Behaviorism, the theoretical foundation of ABA, was used in the early 20th century to justify racial segregation and discrimination. Behaviorist John B. Watson used taught a baby to fear a white rate, which generalized to white objects, fur coats, furry objects, etc., through behavioral conditioning. It demonstrated that people could be taught to behave in desired ways. Experiments like this led to the development of Psychogenetics, which related genetics to behaviors. This led to the promotion of eugenics, which aimed to improve the human race by controlling reproduction and eliminating undesirable traits. It was used as validation that Black people engaged in behaviors that couldn’t be shaped due to their inferior genetics. Eugenics was used to justify the forced sterilization of Black women and other marginalized groups, as well as the segregation of schools and neighborhoods. Due to this, it is understandable why some people are wary of ABA.

I previously wrote about modern families continuing to be weary of behavioral and medical services when reviewing teaching modules conducted in Southern California. This demonstrates the fears that people have that result in continued refusal of care that could be positively impacting their lives.

HOWEVER, it is important to note that ABA has evolved significantly since its early days and is now grounded in some of the most strictly enforced ethical principles that prioritize the well-being of the individual. ABA practitioners are trained to work collaboratively with individuals and their families, taking into account their unique cultural backgrounds and experiences. This cultural sensitivity is critical in the Black community, where historical trauma and ongoing experiences of racism can impact behavior and mental health.

Additionally, ABA is meant to be tailored to meet the specific needs of each individual. This can include addressing the impact of racism and discrimination on behavior and mental health. ABA can be used to teach coping skills and strategies for dealing with racism and its effects, as well as to promote positive behaviors that build resilience and enhance the quality of one’s life.

Personally, I have seen work in the ABA field that is exceptional and some that are horrendous. During my first time going through graduate school, I dealt with peers in my cohort that said some really nasty and inappropriate comments to me directly. And when I complained the Board told me I had to learn to deal with it, because I wasn’t like most people in the field. This also referred to me being literally the only Black male in the program. This field can be elitist and problematic for regular working-class people to deal with. That’s why I’ve made it my mission to maintain the highest quality of work while maintaining my roots and relatability as a Black-Mexican kid from Chicago that hates seeing people mistreated. And again, I’ve seen some of the best, objective work from individuals of all races, genders, and ethnicities in this field. People that know and embrace that to be successful in this field, you have to teach people to not need you, so they can have a successful, independent life.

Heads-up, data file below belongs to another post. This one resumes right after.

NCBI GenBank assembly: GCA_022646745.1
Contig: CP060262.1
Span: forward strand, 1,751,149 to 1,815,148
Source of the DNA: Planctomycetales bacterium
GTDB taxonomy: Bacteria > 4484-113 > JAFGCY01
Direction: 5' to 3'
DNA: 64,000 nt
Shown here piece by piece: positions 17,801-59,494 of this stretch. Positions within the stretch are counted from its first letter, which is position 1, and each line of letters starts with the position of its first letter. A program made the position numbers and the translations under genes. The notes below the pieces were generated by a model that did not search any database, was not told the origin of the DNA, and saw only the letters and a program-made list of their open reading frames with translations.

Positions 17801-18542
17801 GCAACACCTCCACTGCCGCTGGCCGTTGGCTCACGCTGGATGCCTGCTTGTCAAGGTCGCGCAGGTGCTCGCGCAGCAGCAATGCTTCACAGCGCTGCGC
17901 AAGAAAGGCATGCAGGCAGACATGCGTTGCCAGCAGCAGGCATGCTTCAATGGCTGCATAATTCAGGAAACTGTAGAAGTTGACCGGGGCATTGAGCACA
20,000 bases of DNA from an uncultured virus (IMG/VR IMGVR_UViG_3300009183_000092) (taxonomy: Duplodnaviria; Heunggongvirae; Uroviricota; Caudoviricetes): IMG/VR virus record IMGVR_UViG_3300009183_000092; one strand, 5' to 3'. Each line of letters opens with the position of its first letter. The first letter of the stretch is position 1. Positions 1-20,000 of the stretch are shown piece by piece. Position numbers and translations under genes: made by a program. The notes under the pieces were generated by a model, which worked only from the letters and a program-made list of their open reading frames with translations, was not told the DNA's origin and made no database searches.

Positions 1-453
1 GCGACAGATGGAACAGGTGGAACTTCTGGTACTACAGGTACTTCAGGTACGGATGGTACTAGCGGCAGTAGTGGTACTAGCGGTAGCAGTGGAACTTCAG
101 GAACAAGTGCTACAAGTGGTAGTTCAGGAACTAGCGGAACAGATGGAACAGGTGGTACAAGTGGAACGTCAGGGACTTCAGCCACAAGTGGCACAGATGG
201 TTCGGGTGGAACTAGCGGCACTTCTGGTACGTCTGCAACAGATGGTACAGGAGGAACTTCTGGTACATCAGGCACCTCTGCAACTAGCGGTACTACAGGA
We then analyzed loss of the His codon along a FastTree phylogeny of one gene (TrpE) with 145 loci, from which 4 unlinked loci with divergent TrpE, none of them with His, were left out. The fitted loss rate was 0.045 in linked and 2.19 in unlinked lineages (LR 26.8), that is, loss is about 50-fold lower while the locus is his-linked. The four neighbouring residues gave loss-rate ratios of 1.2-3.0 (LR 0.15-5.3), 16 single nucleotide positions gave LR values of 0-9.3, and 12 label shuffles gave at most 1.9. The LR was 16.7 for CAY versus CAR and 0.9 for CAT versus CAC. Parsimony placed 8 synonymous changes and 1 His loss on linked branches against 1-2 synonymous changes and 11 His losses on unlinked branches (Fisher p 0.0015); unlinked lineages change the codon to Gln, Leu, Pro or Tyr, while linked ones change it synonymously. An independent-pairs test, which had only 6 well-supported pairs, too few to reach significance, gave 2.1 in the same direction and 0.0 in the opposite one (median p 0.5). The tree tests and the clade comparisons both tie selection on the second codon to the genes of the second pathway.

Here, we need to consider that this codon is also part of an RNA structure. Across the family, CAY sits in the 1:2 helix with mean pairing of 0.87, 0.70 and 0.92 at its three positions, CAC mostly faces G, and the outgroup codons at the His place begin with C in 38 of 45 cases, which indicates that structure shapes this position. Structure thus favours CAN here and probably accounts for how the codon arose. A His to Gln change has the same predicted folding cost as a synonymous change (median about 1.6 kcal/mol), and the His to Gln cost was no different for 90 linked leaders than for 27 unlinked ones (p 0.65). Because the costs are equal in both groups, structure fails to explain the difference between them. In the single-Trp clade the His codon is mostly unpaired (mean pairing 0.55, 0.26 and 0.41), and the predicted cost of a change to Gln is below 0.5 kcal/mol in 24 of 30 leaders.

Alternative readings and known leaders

In conclusion, ABA is a valuable intervention for addressing behavioral and mental health challenges in the Black community. However, it is important to approach its use with cultural sensitivity and awareness of the historical context. ABA practitioners must be trained to work collaboratively with individuals and families, taking into account their unique experiences and backgrounds. With these considerations in mind, ABA can be a powerful tool for promoting positive behavior change and improving the overall well-being of the Black community.